When I got home, I told Drew the whole story and then displayed the book, and he said, “Well, I guess that worked out perfectly.”

And it did.

Merry Christmas!

Leave a comment

Filed under Awesome, Books, Holidays, Humor, Memoir, Nonfiction, Work

The First Meeting of JASP

This is a shout out to one of my besties. We’ve worked together for the last few years, and we’ve been through the ringer together. We even have a celebrity couple name: JASP. (It’s just our initials. No big deal.) We’ve technically only known each other for about 4 years, but here’s a fun fact about us.

Back when we were both still in college, 6 years before we officially met and became coworkers and cohorts, we attended the same production of Into the Woods at the theatre company we would eventually work for. November 30, 2005: we both sat in the Lucie Stern Theatre and watched it snow onstage after intermission. (As our Artistic Director says, “It all makes perfect sense when you realize it’s snowing in the second half.”)

Much has changed since 2005 – much has even changed since our official meeting in 2011. But I just wanted to say that I’m so happy I know you, Jonathan! #tbt to that time we both saw Into the Woods on the same date without knowing it!

(But we are way cooler now than we were back then.)

FullSizeRender

IMG_7604
(To be clear, these are both pictures from the cooler “now.”)

 

Leave a comment

Filed under Awesome, Friends, Love, Memoir, Theatre, Work

tbt: Theatre Obsessions

I remember this one time, in my sophomore year of college, there was this production of Falsettos. I wasn’t working on the show but I had seen it a couple times – I don’t think we ever ran a show longer than two weekends, but I had to go to a tech rehearsal for a class. I had become obsessed with the show…an obsession that’s lasted for the next decade.

It was a Sunday night, closing night of Falsettos. I wanted to go see it one more time. But there was another show closing that weekend – a one-man show by another student. I’ll call him Ivan. The show was called Ivan on Ivan: In Reverb! Good gravy.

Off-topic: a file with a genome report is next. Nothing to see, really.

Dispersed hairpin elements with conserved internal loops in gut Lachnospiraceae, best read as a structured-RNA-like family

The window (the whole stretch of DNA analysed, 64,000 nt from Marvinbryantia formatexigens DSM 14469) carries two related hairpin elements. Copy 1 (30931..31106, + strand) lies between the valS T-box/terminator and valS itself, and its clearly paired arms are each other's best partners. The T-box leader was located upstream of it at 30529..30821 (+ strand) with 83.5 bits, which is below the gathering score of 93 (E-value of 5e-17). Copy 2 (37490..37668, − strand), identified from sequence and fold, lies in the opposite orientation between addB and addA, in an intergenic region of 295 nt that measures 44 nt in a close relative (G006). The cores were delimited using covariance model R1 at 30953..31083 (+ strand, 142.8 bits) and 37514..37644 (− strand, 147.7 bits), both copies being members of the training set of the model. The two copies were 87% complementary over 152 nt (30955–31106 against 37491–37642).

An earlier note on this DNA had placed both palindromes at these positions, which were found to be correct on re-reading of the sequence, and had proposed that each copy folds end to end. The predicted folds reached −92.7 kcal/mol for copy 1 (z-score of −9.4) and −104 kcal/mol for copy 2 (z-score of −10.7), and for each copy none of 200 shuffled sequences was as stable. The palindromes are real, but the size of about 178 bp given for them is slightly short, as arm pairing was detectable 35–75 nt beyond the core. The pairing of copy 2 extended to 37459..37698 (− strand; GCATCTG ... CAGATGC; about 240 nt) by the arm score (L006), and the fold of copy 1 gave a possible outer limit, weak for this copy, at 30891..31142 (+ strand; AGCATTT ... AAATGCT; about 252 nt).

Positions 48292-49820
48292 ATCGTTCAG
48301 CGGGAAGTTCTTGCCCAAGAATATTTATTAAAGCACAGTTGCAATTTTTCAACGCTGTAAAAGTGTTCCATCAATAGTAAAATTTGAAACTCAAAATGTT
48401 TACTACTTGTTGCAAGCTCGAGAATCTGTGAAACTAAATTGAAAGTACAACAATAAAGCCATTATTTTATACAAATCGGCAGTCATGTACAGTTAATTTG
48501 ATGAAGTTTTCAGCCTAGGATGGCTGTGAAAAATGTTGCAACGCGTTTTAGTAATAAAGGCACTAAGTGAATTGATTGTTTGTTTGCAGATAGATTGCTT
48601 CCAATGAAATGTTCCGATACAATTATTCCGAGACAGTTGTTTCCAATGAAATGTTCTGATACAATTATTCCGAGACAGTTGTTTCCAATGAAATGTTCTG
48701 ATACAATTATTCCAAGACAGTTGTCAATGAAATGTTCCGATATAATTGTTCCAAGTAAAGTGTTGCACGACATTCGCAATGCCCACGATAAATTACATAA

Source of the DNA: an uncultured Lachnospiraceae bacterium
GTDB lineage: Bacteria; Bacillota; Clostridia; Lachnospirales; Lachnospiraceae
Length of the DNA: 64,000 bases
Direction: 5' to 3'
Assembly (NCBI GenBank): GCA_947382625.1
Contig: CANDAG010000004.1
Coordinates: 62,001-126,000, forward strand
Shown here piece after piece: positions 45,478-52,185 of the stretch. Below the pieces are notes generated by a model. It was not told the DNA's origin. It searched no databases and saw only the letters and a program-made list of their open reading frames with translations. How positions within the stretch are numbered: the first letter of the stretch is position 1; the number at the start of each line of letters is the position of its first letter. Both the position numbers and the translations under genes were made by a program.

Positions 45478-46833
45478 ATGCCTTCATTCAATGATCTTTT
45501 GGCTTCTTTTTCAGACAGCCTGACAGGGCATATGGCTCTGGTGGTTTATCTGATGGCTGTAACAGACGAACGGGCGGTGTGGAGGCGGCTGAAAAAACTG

I had promised the stage manager of the show, a friend of mine and someone I looked up to, that I would come see his show that night. But by late afternoon I was just lying on the floor of our apartment, tormented because I wanted to take my very last opportunity to see Falsettos. I was completely torn. I was a little over-dramatic.

The moral twin of my Gemini sensibility must have been on duty that night, because I went to Ivan on Ivan: In Reverb! But I regretted it almost immediately. I mean, it was just ridiculous. At intermission, I left and went down the street to Falsettos, where I snuck into the back. Man, that’s a good show.

The thing about theatre is that if you love something, there really isn’t a way to just save it and rewatch it. Even a bootleg version of something isn’t the same as being there. And I know there’s bad theatre. I have seen bad theatre. I have peeked at my phone to see how much longer this act could possibly be. I have left things at intermission (not often, but I’ve done it). I’ve seen things out of an obligation and not necessarily out of joy.